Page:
Cost-plus pricing is a pricing strategy by which the selling price of a product is determined by adding a specific fixed percentage (a "markup") to the product's unit cost. Essentially, the markup percentage is a method of generating a particular desired rate of return. An alternative pricing method is value-based pricing.
Cost-plus pricing has often been used for government contracts (cost-plus contracts), and has been criticized for reducing incentive for suppliers to control direct costs, indirect costs and fixed costs whether related to the production and sale of the product or service or not.
Companies using this strategy need to record their costs in detail to ensure they have a comprehensive understanding of their overall costs. This information is necessary to generate accurate cost estimates.
Cost-plus pricing is especially common for utilities and single-buyer products that are manufactured to the buyer's specification, such as for military procurement.
The three parts of computing the selling price are computing the total cost, computing the unit cost, and then adding a markup to generate a selling price (refer to Fig 1).
Step 1: Calculating total cost
Total cost = fixed costs + variable costs
Fixed costs do not generally depend on the number of units, while variable costs do.
Step 2: Calculating unit cost
Unit cost = (total cost/number of units)
Step 3a: Calculating markup price
Markup price = (unit cost * markup percentage)
The markup is a percentage that is expected to provide an acceptable rate of return to the manufacturer.
Step 3b: Calculating Selling Price (SP)
Selling Price = unit cost + markup price
A shop selling a vacuum cleaner will be examined since retail stores generally adopt this strategy.
Total cost = $450
Markup percentage = 12%
Markup price = (unit cost * markup percentage)
Markup price = $450 * 0.12
Markup price = $54
SP = unit cost + markup price
SP = $450 + $54
SP = $504
Ultimately, the $54 markup price is the shop's margin of profit.
Buyers may perceive that cost-plus pricing is reasonable. In some cases, the markup is mutually agreed upon by buyer and seller. For markets that feature relatively similar production costs, companies do not have a dominant strategy. Therefore, cost-plus pricing can offer competitive stability, decreasing the risk of price competition (such as price wars), if all companies adopt cost-plus pricing. The strategy enables price changes to goods and services relative to increases or decreases in the product cost which are simple to communicate and justify to customers. When there is little market intelligence, the use of a cost-plus pricing strategy compensates for the lack of information by setting prices based on actual costs. This method is generally adopted by retail companies such as grocery or clothing stores.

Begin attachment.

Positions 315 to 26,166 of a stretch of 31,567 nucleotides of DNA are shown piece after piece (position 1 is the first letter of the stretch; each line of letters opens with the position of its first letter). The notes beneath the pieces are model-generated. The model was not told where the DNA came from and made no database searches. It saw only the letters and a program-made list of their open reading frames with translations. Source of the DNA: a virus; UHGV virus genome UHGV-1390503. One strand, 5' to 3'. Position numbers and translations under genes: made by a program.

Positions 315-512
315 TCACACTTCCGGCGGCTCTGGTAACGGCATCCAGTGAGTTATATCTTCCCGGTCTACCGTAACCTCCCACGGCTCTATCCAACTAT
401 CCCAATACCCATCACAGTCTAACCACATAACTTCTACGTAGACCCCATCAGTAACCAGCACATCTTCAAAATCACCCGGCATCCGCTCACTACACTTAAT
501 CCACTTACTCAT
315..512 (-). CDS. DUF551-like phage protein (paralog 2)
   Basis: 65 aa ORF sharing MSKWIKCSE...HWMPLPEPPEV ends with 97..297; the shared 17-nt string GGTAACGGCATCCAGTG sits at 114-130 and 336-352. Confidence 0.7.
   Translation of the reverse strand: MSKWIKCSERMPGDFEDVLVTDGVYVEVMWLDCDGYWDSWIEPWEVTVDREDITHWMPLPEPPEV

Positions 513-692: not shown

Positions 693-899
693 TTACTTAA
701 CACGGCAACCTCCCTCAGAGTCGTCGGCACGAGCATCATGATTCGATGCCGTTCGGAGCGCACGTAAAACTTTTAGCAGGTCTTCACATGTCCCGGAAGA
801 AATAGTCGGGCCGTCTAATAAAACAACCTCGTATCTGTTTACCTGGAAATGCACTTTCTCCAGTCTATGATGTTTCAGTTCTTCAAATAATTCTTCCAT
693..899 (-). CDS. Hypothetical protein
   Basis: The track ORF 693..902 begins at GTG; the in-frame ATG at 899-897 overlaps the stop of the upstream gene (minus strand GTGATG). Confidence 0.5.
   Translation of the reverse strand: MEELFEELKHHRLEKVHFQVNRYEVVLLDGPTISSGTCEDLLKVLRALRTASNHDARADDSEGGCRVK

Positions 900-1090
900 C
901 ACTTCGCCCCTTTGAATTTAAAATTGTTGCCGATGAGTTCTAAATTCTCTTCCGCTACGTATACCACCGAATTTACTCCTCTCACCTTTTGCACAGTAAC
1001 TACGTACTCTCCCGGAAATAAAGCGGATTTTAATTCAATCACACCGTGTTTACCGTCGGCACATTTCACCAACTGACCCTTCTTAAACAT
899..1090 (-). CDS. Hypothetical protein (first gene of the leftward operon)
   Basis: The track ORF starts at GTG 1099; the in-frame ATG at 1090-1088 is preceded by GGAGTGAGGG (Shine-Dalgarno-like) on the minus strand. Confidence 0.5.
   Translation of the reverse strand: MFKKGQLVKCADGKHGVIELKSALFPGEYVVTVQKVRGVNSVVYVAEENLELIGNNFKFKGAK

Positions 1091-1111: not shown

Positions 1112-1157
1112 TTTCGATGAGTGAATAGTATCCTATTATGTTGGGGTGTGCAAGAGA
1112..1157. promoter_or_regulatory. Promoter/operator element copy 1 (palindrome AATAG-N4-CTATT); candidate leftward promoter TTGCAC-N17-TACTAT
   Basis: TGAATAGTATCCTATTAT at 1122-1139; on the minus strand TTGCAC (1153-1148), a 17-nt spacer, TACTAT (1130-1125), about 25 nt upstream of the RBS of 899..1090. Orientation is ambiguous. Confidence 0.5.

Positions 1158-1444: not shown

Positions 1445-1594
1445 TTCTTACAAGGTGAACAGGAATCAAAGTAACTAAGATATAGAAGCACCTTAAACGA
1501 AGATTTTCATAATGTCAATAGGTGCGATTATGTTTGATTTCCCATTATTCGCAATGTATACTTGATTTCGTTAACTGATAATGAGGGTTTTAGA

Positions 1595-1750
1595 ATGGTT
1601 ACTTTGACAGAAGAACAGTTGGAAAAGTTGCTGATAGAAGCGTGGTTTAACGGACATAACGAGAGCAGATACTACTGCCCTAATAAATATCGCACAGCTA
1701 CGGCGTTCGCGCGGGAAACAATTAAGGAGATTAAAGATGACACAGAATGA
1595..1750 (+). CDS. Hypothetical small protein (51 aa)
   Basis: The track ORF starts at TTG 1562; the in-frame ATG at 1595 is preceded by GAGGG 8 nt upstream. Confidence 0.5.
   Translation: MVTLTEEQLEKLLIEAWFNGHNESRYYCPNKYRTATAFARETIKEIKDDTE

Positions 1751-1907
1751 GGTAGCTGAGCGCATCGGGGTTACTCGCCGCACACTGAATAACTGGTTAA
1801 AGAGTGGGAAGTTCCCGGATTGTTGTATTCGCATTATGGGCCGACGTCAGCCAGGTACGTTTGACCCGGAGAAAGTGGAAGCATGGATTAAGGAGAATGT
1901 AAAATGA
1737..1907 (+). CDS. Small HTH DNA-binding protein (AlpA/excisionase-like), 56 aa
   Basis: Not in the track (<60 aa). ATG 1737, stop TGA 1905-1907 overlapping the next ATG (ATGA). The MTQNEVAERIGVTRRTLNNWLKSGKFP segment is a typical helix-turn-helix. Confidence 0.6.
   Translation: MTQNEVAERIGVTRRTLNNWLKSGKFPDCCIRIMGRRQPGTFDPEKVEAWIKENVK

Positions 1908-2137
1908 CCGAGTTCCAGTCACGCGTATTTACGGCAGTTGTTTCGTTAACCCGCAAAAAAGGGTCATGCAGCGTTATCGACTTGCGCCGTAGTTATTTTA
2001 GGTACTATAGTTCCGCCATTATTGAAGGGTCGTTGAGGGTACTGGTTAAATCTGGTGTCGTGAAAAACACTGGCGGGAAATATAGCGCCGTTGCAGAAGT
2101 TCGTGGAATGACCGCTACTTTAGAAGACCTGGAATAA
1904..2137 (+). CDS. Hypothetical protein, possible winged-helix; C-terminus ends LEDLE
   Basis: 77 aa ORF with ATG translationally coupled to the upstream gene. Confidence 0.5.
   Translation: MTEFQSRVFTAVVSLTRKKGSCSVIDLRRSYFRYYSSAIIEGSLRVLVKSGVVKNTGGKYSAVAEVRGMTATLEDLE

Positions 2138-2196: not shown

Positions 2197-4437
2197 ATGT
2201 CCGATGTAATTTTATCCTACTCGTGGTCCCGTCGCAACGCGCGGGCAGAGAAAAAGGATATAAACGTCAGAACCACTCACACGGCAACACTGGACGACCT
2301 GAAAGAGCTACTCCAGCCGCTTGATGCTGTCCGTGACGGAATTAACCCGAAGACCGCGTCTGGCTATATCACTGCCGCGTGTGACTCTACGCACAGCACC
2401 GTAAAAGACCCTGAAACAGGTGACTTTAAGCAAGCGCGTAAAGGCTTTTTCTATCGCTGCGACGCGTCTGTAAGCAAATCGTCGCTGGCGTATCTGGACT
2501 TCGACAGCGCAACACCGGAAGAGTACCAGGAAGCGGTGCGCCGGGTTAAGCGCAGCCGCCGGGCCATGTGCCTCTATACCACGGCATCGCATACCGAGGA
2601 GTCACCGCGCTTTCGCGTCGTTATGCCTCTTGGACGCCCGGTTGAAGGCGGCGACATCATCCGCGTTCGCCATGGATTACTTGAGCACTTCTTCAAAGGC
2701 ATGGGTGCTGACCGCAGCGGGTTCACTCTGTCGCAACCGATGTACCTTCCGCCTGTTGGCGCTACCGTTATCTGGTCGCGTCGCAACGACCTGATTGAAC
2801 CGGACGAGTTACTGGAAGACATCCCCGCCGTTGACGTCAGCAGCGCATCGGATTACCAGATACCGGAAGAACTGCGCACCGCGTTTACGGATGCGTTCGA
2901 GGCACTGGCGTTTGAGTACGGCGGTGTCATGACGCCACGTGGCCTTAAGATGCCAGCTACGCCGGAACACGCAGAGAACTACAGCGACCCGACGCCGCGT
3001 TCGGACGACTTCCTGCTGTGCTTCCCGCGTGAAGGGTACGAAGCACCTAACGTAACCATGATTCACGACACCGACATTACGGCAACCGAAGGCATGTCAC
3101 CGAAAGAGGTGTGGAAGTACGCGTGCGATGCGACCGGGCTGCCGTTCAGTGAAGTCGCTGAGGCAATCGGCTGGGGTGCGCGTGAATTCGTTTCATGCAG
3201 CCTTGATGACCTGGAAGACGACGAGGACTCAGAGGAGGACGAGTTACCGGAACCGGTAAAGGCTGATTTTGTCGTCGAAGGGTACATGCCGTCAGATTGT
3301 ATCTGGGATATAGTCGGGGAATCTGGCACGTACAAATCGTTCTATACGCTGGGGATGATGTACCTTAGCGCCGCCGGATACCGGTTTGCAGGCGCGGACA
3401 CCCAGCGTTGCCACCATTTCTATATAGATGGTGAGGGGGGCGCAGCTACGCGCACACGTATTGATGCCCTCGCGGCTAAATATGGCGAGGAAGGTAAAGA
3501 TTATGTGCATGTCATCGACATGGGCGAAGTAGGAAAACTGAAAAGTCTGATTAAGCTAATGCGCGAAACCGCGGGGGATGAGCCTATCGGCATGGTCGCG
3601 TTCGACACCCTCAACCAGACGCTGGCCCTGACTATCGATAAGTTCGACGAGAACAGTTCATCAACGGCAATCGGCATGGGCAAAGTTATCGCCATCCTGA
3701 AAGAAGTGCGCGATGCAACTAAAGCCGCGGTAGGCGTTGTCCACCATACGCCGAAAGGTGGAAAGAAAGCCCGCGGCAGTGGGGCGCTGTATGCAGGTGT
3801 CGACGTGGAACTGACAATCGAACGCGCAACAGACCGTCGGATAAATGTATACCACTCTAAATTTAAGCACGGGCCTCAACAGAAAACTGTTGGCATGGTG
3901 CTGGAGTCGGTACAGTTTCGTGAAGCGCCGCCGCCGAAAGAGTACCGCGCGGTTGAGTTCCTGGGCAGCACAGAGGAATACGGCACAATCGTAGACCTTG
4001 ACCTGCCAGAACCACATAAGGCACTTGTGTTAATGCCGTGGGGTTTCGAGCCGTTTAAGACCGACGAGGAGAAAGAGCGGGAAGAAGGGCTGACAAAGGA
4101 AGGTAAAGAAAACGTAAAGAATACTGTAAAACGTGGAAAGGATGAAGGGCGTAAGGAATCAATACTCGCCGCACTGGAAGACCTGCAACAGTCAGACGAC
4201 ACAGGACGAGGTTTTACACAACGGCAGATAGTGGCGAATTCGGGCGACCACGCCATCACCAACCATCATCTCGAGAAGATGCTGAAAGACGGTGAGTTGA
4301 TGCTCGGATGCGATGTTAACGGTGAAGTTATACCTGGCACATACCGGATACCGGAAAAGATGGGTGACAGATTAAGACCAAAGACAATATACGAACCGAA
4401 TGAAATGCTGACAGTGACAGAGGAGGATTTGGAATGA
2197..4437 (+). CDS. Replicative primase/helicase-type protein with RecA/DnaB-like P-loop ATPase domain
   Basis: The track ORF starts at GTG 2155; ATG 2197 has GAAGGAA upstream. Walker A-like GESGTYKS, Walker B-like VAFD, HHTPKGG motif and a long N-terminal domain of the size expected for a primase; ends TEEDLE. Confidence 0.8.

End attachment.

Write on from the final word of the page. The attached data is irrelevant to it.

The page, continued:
Cost-based pricing is a way to induce a seller to accept a contract the costs of which represent a large fraction of the seller's revenues, or for which costs are uncertain at contract signing, as for example for research and development.
Cost-plus pricing is not common in markets that are (nearly) perfectly competitive, for which prices and output are such that marginal cost (the cost of producing an additional unit) equals marginal revenue. In the long run, marginal and average costs (as for cost-plus) tend to converge, reducing the difference between the two strategies. It works well when a business is in need of short-term finance.
Although this method of pricing has limited application as mentioned above, it is used commonly for the purpose of ensuring a business covers its costs by "breaking even" and not operating at a loss whilst generating at least a minimum rate of profit. In spite of its ubiquity, economists rightly point out that it has serious flaws. Specifically, the strategy requires little market research hence it does not account for external factors such as consumer demand and competitor's prices when determining an appropriate selling price. There is no way in advance of determining if potential customers will purchase the product at the calculated price. Regardless of which pricing strategy a company chooses, price elasticity (sensitivity of demand to price) is a vital component to examine. To compensate for this, some economists have tried to apply the principles of price elasticity to cost-plus pricing.
We know that:
MR = P + ((dP / dQ) * Q)
MR = marginal revenue
P = price
(dP / dQ) = the derivative of price with respect to quantity
Q = quantity
Since we know that a profit maximizer sets quantity at the point that marginal revenue is equal to marginal cost (MR = MC), the formula can be written as:
MC = P + ((dP / dQ) * Q)
Dividing by P and rearranging yields:
MC / P = 1 +((dP / dQ) * (Q / P))
And since (P / MC) is a form of markup, we can calculate the appropriate markup for any given market elasticity by:
(P / MC) = (1 / (1 – (1/E)))
(P / MC) = markup on marginal costs
E = price elasticity of demand
In the extreme case where elasticity is infinite:
(P / MC) = (1 / (1 – (1/999999999999999)))
(P / MC) = (1 / 1)
Price is equal to marginal cost. There is no markup. At the other extreme, where elasticity is equal to unity:
(P /MC) = (1 / (1 – (1/1)))
(P / MC) = (1 / 0)
The markup is infinite. Most business people do not do marginal cost calculations, but one can arrive at the same conclusion using average variable costs (AVC):
(P / AVC) = (1 / (1 – (1/E)))
Technically, AVC is a valid substitute for MC only in situations of constant returns to scale (LVC = LAC = LMC).
When business people choose the markup that they apply to costs when doing cost-plus pricing, they should be, and often are, considering the price elasticity of demand, whether consciously or not.
- Markup (business)
- Outline of industrial organization
- Price elasticity of demand
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- ^ Talkcosts - Cost Guides